Let's Imagine What DJ Khaled's Kiss The Ring Will Sound Like

6. Kanye West & Rick Ross, "I Wish You Would" (produced by Hit-Boy)

"I Wish You Would" is a remake of "Go Hard," a Kanye/T-Pain single off of Khaled's 2008 album We Global, which itself was a remake of Kanye's Autotune-soaked verse on Young Jeezy's "Put On." Spoiler alert: the returns have diminished.

5. Rick Ross, Lil Wayne, Nicki Minaj & Chris Brown, "Take It to the Head" (produced by The Runners)

Putting together a group of hot rappers, an R&B singer, and The Runners is a timeless DJ Khaled recipe. It worked the first time ("I'm So Hood") but has become more and more stale ever since. The 2012 version naturally features Chris Brown, but the song is just boring and forgettable in a rather ordinary way. They did sort of make up for it with the video, though, where Brown sings from inside an electric cage (?) on the premises of some sort of malfunctioning water treatment plant (??). You know, typical stuff.

4. Ace Hood, "Outro (They Don't Want War)" (produced by DJ Toomp)

Yeah, this is about where any Ace Hood solo track ranks in the hierarchy of contemporary rap. DJ Toomp is a genius who has more or less disappeared from popular rap in the last two years, but the fact that his beat here is being wasted on merely Ace Hood just drives this song further down the list. On the bright side, at least it's not Wale.

3. Wale, Tyga, Mack Maine & Kirko Bangz, "Don't Pay 4 It" (produced by The Runners)

Oh, hey, it's Wale! This song is notable for having quite possibly the most hilarious selection of rappers on any Khaled song. (Kirko Bangz especially did well to make it on a Khaled album before his slide into irrelevancy.) But what really drives this up the list is the presence of The Runners, whose incessant bigness is a really awful match with this foursome.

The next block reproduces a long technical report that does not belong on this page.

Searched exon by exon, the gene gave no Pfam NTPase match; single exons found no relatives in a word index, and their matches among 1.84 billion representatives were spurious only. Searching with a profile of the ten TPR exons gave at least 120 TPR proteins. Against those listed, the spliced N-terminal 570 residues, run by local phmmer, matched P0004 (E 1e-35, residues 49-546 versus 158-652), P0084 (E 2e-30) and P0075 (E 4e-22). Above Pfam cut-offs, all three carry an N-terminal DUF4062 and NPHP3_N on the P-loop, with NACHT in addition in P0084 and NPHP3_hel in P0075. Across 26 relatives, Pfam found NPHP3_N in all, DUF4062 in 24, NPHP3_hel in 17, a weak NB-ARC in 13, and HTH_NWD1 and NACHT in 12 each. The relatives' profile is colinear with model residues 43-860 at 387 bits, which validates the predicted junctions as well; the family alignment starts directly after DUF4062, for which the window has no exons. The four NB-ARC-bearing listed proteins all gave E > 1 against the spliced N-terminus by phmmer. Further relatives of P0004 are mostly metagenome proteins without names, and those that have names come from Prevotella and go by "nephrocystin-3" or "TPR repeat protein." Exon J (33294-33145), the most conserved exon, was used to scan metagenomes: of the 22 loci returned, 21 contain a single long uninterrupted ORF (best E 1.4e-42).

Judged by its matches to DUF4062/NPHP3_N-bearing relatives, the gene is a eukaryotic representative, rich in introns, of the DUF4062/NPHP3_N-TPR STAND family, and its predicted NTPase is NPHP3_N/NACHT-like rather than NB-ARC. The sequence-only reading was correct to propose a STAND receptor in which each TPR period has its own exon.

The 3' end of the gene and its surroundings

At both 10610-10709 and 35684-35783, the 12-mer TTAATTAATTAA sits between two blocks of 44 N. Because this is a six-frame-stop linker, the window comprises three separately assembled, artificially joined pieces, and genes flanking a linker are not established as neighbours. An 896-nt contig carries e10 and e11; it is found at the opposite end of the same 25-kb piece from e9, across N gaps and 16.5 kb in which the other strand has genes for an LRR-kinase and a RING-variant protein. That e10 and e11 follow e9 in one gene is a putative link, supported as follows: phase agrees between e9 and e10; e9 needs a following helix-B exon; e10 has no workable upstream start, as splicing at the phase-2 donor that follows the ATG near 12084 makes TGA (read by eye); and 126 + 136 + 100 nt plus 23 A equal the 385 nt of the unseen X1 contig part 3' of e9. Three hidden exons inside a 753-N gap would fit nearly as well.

2. J. Cole, Big K.R.I.T. & Kendrick Lamar, "They Ready" (produced by J. Cole)

These three guys are touted as some of the most exciting young talents in popular rap, and in each case that proclamation has at least some degree of truth. But putting them together is just an incredibly obvious and pandering move, a late, out-of-touch MTV segment or Rolling Stone sidebar brought to life. As boring as Khaled's collections of major starpower can be, they at least bring together well-known people. The grouping of Cole, K.R.I.T. and Lamar is undoubtedly supposed to mean something, but it just looks really minor.

1. Big Sean, Wiz Khalifa, Ace Hood & T-Pain, "I'm So Blessed" (produced by K.E.)

On its face, this is a standard collection of average and/or obnoxious rappers who have no reason to be on a track together aside from their fame. (Plus, of course, T-Pain.) But, man, a track where Big Sean (I repeat: Big Sean) and Wiz Khalifa get to slip into a false humility to rap about how "blessed" they are? That's a special, new circle of hell, even in the world of DJ Khaled.

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